Changing GRUB boot order to boot Windows XP before Ubuntu

April 29, 2007

One goal of installing Ubuntu is to help ease my wife and kids onto it – not to create a huge problem with the family. After the Ubuntu install the default boot ed OS was Ubuntu – not Windows. That’s going to be a problem.

So I went on a mission to figure out how to change the boot order to load XP by default.

I knew that Ubuntu was using the GRUB boot loader. I wasn’t familiar with GRUB so I don’t know why I knew this – it must have been stated during the install sometime. But anyway – I knew it was GRUB.

I Googled for “change GRUB boot order” and the first hit was exactly what I needed. I needed to edit /boot/grub/menu.lst.

I copied the file into my home dir and used chmod (it’s been so long since I’ve used a *nix CLI that I had to lookup chmod – I knew it was “ch” something) so I could write to it then opened it in xemacs.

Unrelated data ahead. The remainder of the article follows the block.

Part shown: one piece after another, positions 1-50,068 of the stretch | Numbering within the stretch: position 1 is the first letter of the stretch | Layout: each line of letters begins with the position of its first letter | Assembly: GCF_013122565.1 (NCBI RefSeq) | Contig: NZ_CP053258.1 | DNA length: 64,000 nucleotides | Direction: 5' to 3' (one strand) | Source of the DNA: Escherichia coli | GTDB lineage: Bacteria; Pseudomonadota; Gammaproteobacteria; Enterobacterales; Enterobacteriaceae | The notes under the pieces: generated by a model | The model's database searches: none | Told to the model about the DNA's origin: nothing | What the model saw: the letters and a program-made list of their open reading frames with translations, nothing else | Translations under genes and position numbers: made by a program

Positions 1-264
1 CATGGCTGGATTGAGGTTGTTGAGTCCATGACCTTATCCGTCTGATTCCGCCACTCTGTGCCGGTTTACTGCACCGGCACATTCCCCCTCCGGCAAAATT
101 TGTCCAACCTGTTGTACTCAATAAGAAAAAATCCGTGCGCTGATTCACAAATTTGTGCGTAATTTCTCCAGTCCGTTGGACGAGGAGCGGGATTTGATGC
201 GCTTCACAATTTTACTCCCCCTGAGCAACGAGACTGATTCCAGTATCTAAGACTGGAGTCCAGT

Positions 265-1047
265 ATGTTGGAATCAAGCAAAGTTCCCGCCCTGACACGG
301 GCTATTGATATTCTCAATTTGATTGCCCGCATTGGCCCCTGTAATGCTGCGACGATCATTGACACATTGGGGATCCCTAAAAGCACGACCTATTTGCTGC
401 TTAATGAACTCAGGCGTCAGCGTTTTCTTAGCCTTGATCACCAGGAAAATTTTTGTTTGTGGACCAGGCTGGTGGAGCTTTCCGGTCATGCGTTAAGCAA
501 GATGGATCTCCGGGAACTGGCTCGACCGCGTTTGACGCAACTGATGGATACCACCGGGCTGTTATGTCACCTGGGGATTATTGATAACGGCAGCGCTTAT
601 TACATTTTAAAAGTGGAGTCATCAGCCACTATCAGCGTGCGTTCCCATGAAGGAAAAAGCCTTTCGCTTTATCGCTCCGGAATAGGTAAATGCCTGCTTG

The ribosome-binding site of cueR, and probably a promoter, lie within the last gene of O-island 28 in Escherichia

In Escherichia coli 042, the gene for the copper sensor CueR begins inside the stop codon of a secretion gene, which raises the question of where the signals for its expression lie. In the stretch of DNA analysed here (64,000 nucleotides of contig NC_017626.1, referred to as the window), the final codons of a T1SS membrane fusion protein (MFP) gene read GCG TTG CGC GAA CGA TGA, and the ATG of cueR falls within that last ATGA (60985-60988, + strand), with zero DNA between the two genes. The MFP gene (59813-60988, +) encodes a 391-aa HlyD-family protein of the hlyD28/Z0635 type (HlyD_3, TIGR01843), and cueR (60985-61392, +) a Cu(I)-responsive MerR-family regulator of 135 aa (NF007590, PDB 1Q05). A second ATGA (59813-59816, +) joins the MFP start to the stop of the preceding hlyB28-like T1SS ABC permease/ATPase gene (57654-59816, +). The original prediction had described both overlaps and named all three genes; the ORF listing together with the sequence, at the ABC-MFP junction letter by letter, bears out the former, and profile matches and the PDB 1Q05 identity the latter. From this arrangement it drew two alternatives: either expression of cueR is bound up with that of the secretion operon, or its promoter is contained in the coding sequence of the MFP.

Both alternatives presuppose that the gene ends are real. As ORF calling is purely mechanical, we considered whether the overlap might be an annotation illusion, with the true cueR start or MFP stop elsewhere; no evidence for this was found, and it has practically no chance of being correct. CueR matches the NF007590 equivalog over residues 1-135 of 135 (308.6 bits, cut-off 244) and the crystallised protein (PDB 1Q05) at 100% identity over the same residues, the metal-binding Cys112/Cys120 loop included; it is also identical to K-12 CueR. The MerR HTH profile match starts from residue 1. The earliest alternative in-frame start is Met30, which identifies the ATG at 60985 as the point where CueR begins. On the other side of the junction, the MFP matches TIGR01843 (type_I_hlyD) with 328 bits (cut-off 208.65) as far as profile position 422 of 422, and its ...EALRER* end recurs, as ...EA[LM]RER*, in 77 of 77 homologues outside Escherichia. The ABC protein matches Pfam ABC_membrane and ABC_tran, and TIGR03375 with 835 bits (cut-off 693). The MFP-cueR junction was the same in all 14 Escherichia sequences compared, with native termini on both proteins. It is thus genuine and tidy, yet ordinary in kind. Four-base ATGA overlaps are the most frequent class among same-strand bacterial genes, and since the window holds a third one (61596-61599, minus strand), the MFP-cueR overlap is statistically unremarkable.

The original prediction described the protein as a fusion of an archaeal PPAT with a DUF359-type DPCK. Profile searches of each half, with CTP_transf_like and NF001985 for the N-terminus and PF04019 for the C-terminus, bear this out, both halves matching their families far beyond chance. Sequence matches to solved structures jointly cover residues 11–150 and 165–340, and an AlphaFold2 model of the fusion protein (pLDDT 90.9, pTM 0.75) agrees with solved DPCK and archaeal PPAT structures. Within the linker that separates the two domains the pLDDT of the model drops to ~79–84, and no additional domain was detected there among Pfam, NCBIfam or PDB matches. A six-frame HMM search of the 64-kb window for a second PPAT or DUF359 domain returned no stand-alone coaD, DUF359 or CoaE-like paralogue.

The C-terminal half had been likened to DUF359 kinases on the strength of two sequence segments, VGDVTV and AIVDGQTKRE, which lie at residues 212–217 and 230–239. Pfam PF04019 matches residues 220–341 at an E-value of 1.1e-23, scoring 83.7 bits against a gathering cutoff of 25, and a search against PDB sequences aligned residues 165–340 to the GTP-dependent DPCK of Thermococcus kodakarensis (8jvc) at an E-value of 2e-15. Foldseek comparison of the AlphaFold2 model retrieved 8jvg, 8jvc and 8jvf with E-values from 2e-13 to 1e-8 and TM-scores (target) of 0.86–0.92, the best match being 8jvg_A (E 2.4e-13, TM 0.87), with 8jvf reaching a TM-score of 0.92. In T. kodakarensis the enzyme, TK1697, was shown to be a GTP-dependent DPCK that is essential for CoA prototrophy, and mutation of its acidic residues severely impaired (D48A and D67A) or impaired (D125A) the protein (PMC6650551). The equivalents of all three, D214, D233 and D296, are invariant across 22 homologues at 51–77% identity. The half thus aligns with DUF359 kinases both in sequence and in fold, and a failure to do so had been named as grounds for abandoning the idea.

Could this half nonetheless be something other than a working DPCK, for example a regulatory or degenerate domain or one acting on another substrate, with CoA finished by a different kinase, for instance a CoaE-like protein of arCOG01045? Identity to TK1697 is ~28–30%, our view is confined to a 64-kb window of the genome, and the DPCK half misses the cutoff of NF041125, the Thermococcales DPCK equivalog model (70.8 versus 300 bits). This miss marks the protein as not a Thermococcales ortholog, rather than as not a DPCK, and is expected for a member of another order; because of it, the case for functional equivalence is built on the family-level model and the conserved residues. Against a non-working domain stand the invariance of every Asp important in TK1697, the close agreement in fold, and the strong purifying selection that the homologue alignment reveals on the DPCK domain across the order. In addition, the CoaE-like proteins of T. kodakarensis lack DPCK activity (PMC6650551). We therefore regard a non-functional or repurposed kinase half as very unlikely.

I simply copied the XP settings ahead of the Ubuntu settings in the item list and left everything else the same.

The relevant parts of the original menu.lst were:

—————————- /boot/grub/menu.lst —————————————-

default 0
timeout 10

## ## End Default Options ##

title Ubuntu, kernel 2.6.20-15-generic
root (hd0,1)
kernel /boot/vmlinuz-2.6.20-15-generic root=UUID=12de9aee-c011-429e-b2a9-0ed83b3eb727 ro quiet splash
initrd /boot/initrd.img-2.6.20-15-generic

title Ubuntu, kernel 2.6.20-15-generic (recovery mode)
root (hd0,1)
kernel /boot/vmlinuz-2.6.20-15-generic root=UUID=12de9aee-c011-429e-b2a9-0ed83b3eb727 ro single
initrd /boot/initrd.img-2.6.20-15-generic

title Ubuntu, memtest86+
root (hd0,1)
kernel /boot/memtest86+.bin


# This is a divider, added to separate the menu items below from the Debian ones.

title Other operating systems:

# This entry automatically added by the Debian installer for a non-linux OS
# on /dev/sda1

title Microsoft Windows XP Home Edition
root (hd0,0)


I referred to the online GRUB manual ( and confirmed that the “0” in default was the list item to boot by default (zero-indexed) and that if it were changed to “saved” the previously loaded item with a “savedefault” entry would be used. I didn’t want that. I want it to boot to XP by default regardless of what I used most recently.